Women writers get reviewed less and win fewer awards. Who’s taking a stand?
Have you heard? Women writers are less than. They’re reviewed less often than their male counterparts, and they win fewer awards. Even fictional women are inferior; stories centered on male protagonists rack up more accolades. In fact, over half of Pulitzer Prize-winning books from 2000 to 2015 were by and about men, and nearly another quarter were by women, but about men. The gender breakdown for the Man Booker Prize is even more bleak.
But wait! Sadly, there’s more: according to an informal survey conducted by a publisher, 22 percent of the authors who inspire modern-day authors are women. The rest are men.
The publishing industry may be better off than others in terms of gender parity; film, for example, has a steeper climb ahead, if the Oscars are any indication. And, for what it’s worth, the staffs of publishing houses are disproportionately female — albeit glaringly white.
But, the book world deserves a close examination, because it’s often the root of the stories we disseminate. Four of this year’s eight Academy Award Best Picture contenders were book adaptations — five, if you include “Mad Max,” an ingenious comic book riff. So, disproportionately male-centric books can contribute to disproportionately male-centric films, and disproportionately few conversations about women’s experiences. All of which is just to say: it’s a problem worth discussing.
And discussion has happened. Blogs dedicated to reading more books by women have been written; I wrote one of those blogs. More blogs, some very eloquent blogs, were written about avoiding misogynist authors, and no longer writing to appease male readers. So, what now? In “On Pandering,” Claire Vaye Watkins makes a few suggestions. The vaguest, and most powerful: “Let us burn this motherfucking system to the ground and build something better.”
It’s a rally cry people have responded to, whether coyly or in earnest, and with mixed results. One such responder was Amy Collier, who did what any reasonable woman-on-a-mission would do: launch a Kickstarter campaign.
Wryly confronting the sexist chasm separating literary authors who are women and literary authors who are men, she asked that campaigners support her cause, which was that she’d read a novel by Jonathan Franzen, but only if you paid her.
“I am joking and I am not,” she explained. “It takes a lot of time to read a book. You spend a tiny but measurable portion of your life doing it. You sit with the psychology of a book, even when it’s not in your hands and in your eyes. So how much would it be worth it to me to read a book I don’t really want to read, one that is even disempowering to me and other women?”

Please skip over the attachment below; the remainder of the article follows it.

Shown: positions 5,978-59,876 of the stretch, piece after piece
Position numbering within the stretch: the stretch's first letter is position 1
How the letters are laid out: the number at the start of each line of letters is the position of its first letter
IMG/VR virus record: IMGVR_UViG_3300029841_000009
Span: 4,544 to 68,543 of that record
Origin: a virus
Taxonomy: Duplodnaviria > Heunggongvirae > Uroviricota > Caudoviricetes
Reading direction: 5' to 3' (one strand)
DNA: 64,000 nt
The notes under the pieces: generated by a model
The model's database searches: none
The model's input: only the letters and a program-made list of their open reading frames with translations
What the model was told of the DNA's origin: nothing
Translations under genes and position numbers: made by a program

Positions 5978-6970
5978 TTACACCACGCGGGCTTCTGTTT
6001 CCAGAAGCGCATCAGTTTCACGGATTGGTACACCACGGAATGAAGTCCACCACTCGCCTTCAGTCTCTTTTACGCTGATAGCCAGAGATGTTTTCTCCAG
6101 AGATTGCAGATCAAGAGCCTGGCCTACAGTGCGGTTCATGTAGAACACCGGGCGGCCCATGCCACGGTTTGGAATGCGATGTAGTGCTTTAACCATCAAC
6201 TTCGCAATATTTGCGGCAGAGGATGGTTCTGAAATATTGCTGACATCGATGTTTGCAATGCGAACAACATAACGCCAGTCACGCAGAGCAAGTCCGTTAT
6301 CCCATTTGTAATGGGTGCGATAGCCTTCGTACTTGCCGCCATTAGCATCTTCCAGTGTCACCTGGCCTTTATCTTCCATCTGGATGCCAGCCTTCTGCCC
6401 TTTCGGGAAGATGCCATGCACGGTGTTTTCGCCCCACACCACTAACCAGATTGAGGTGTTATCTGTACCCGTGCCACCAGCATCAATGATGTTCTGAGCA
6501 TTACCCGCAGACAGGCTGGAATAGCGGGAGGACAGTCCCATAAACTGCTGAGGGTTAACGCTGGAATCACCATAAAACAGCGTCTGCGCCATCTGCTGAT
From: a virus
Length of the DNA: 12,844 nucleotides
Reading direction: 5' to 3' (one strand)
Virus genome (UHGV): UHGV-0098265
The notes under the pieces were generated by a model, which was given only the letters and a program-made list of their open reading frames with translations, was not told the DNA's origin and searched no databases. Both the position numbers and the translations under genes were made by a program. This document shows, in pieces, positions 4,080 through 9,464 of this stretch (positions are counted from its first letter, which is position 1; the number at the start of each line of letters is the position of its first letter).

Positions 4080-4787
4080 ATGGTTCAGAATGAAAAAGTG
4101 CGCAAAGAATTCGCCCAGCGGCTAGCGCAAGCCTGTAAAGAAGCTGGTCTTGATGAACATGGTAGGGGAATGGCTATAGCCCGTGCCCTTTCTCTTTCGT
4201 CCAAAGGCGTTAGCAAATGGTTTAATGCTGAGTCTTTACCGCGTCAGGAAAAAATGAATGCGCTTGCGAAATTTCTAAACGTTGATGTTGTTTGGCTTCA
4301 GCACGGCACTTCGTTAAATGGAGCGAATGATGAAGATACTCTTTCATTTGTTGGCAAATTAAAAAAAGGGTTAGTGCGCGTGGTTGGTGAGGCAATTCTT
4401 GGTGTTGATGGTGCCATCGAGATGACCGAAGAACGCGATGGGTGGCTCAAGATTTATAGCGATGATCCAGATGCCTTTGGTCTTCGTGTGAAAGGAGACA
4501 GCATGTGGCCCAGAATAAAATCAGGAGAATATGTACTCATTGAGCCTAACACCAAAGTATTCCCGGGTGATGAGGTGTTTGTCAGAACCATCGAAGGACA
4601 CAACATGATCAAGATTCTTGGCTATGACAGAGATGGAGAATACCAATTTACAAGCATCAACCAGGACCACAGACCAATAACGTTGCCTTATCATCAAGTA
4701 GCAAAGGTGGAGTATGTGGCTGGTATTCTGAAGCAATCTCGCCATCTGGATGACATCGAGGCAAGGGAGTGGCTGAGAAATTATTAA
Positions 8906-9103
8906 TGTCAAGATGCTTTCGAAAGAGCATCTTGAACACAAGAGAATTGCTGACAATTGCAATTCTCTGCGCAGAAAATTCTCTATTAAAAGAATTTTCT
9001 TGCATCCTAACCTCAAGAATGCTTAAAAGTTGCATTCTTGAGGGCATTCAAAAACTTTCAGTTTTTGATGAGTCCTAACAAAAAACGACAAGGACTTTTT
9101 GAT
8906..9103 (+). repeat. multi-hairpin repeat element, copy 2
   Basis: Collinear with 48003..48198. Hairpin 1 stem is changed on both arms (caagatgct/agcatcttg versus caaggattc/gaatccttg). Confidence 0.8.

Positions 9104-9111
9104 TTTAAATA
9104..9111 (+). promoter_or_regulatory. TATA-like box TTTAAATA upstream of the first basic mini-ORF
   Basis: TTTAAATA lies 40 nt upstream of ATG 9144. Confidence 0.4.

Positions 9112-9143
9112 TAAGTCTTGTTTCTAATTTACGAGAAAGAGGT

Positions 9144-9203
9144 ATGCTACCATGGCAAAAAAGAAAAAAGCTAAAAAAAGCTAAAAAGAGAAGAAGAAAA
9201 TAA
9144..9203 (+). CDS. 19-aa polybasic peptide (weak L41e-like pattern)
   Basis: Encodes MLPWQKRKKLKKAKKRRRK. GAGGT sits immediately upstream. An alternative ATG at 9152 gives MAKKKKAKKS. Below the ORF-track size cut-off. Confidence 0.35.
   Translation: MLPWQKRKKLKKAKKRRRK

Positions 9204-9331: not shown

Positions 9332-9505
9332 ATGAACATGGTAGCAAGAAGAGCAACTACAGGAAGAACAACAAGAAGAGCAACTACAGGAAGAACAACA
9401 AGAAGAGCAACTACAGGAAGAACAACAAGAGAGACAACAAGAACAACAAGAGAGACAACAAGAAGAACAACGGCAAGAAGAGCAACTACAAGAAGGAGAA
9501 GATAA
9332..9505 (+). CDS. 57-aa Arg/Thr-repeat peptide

The semi-jokey campaign raised over $1,000 toward its goal before it was shuttered by Kickstarter. When asked why the campaign didn’t adhere to the company’s rules, a company spokesperson explained in an email shared on Jezebel: “Every project needs a plan for creating something and sharing it with the world. At some point the creator should be able to say, ‘It’s finished. Here’s what we created. Enjoy!’”
Fair enough — although the same rules didn’t outlaw a campaign devoted to some dude’s hankering for potato salad. Which just goes to show that an issue like pervasive sexism isn’t tangible, therefore it’s easy to dismiss — at least as far as fundraising goes.
Other intangible responses to the intangible issue of gender inequality in book publishing have spurred warranted pushback. Commenting on the surplus of personal essays devoted to woman-only reading lists, Jia Tolentino wrote on Jezebel, “We know that white male writers take up too much literary attention; the solution is not necessarily jamming everyone else into a bottle of social justice cough syrup, standing on a soap box, and gulping it all down.”
Instead of remarking on our want for change, she suggests buying, reading and discussing a diverse range of voices. Because unlike a personal essay, a good book is a solid agent for change. It can be a home where the voices absent from the chorus can be heard. It’s a primary resource. You can hold it in your hands.
Maddie Crum, Huffington Post